Mentions: Upon expression in Xenopus laevis oocytes, TEVC experiments were performed in Na+-containing buffers ([Na+]ext = 100 mM) to measure the K+ext-induced ouabain-sensitive pump currents of wild-type (WT) human α2/β1 Na+/K+-ATPase and of the ΔYY construct, in which the two tyrosines at the carboxy terminus of the α subunit were deleted. Fig. 2 A shows I-V curves of the NaIxK(ouab) difference currents for the ΔYY-truncated Na+/K+-ATPase α2 subunit. In contrast to ATP1A2 WT, the ΔYY construct mediated inwardly rectifying difference currents in the absence of extracellular K+. The amplitudes of these inward currents became smaller with increasing [K+]ext but were still observed for [K+]ext up to 2 mM at extremely negative potentials (−140 mV). At 10 mM K+, the ouabain-sensitive pump currents of the ΔYY construct were positive and increased steadily with voltage (Fig. 2 A). We then determined the full K+-induced NaIxK difference currents of the ΔYY construct at [Na+]ext = 100 mM by calculating the difference between currents recorded in the presence of a certain [K+]ext and those measured at [K+]ext = 0 (Fig. 2 B). The same information can be obtained by subtracting the NaI0K(ouab) currents at 0 [K+]ext from the NaIxK(ouab) currents (Fig. S1 A). Because in the case of the ΔYY construct extracellular K+ not only induces normal Na+/K+ outward pumping (as evident from the similarity to WT pump currents at positive potentials), but also diminishes the hyperpolarization-activated inward currents, the full K+-induced NaIxK currents (Fig. 2 B) were markedly different from those of the WT Na+/K+-ATPase (Fig. 2 D). For the WT enzyme, currents at [K+]ext = 10 mM increased steadily with voltage, and at [K+]ext below 5 mM, bell-shaped I-V curves were obtained with a maximum at +40 mV (Fig. 2 D). In contrast, the NaIxK currents of the ΔYY construct at 10 and 5 mM [K+]ext had a local minimum around −40 mV, and at lower [K+]ext, the I-V curves were maximal around −100 mV and decreased steadily between −100 and +60 mV (Fig. 2 B). Fitting of the [K+]ext-induced NaIxK currents at each membrane potential with a Hill equation resulted in NaK0.5(K+ext) values for the ΔYY construct (Fig. 2 C) and ATP1A2 WT (Fig. 2 E), which represent the voltage-dependent apparent affinities for extracellular K+ in the presence of 100 mM Na+ext. Characteristically U-shaped curves were obtained for both enzymes with similar minima, but the curve of the ΔYY construct was shifted by about −80 mV.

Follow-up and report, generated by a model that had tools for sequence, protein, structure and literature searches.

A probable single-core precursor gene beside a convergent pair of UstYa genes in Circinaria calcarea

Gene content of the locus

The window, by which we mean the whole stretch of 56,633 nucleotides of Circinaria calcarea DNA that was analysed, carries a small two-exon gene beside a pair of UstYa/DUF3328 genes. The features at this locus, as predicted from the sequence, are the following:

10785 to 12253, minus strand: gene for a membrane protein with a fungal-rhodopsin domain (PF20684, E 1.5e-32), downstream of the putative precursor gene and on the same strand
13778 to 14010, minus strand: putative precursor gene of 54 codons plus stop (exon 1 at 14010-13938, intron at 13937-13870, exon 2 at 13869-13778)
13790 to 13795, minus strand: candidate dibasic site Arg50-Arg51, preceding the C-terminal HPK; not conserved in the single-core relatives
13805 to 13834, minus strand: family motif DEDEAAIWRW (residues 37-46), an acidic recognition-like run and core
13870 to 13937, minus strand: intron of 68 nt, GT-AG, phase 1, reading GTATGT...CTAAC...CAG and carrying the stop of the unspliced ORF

Bottom Line: Our two-electrode voltage clamp experiments on Xenopus oocytes show that deletion of two tyrosines at the carboxy terminus of the human Na(+)/K(+)-ATPase alpha(2) subunit decreases the affinity for extracellular and intracellular Na(+), in agreement with previous biochemical studies.The leakage currents are prevented by aromatic amino acids at the carboxy terminus.Thus, the carboxy terminus of the Na(+)/K(+)-ATPase alpha subunit represents a structural and functional relay between Na(+) binding site III and the intracellular cation occlusion gate.

View Article: PubMed Central - HTML - PubMed

Affiliation: Technical University of Berlin, Institute of Chemistry, D-10623 Berlin, Germany.

ABSTRACT
The Na(+)/K(+)-ATPase mediates electrogenic transport by exporting three Na(+) ions in exchange for two K(+) ions across the cell membrane per adenosine triphosphate molecule. The location of two Rb(+) ions in the crystal structures of the Na(+)/K(+)-ATPase has defined two "common" cation binding sites, I and II, which accommodate Na(+) or K(+) ions during transport. The configuration of site III is still unknown, but the crystal structure has suggested a critical role of the carboxy-terminal KETYY motif for the formation of this "unique" Na(+) binding site. Our two-electrode voltage clamp experiments on Xenopus oocytes show that deletion of two tyrosines at the carboxy terminus of the human Na(+)/K(+)-ATPase alpha(2) subunit decreases the affinity for extracellular and intracellular Na(+), in agreement with previous biochemical studies. Apparently, the DeltaYY deletion changes Na(+) affinity at site III but leaves the common sites unaffected, whereas the more extensive DeltaKETYY deletion affects the unique site and the common sites as well. In the absence of extracellular K(+), the DeltaYY construct mediated ouabain-sensitive, hyperpolarization-activated inward currents, which were Na(+) dependent and increased with acidification. Furthermore, the voltage dependence of rate constants from transient currents under Na(+)/Na(+) exchange conditions was reversed, and the amounts of charge transported upon voltage pulses from a certain holding potential to hyperpolarizing potentials and back were unequal. These findings are incompatible with a reversible and exclusively extracellular Na(+) release/binding mechanism. In analogy to the mechanism proposed for the H(+) leak currents of the wild-type Na(+)/K(+)-ATPase, we suggest that the DeltaYY deletion lowers the energy barrier for the intracellular Na(+) occlusion reaction, thus destabilizing the Na(+)-occluded state and enabling inward leak currents. The leakage currents are prevented by aromatic amino acids at the carboxy terminus. Thus, the carboxy terminus of the Na(+)/K(+)-ATPase alpha subunit represents a structural and functional relay between Na(+) binding site III and the intracellular cation occlusion gate.

Show MeSH
Related in: MedlinePlus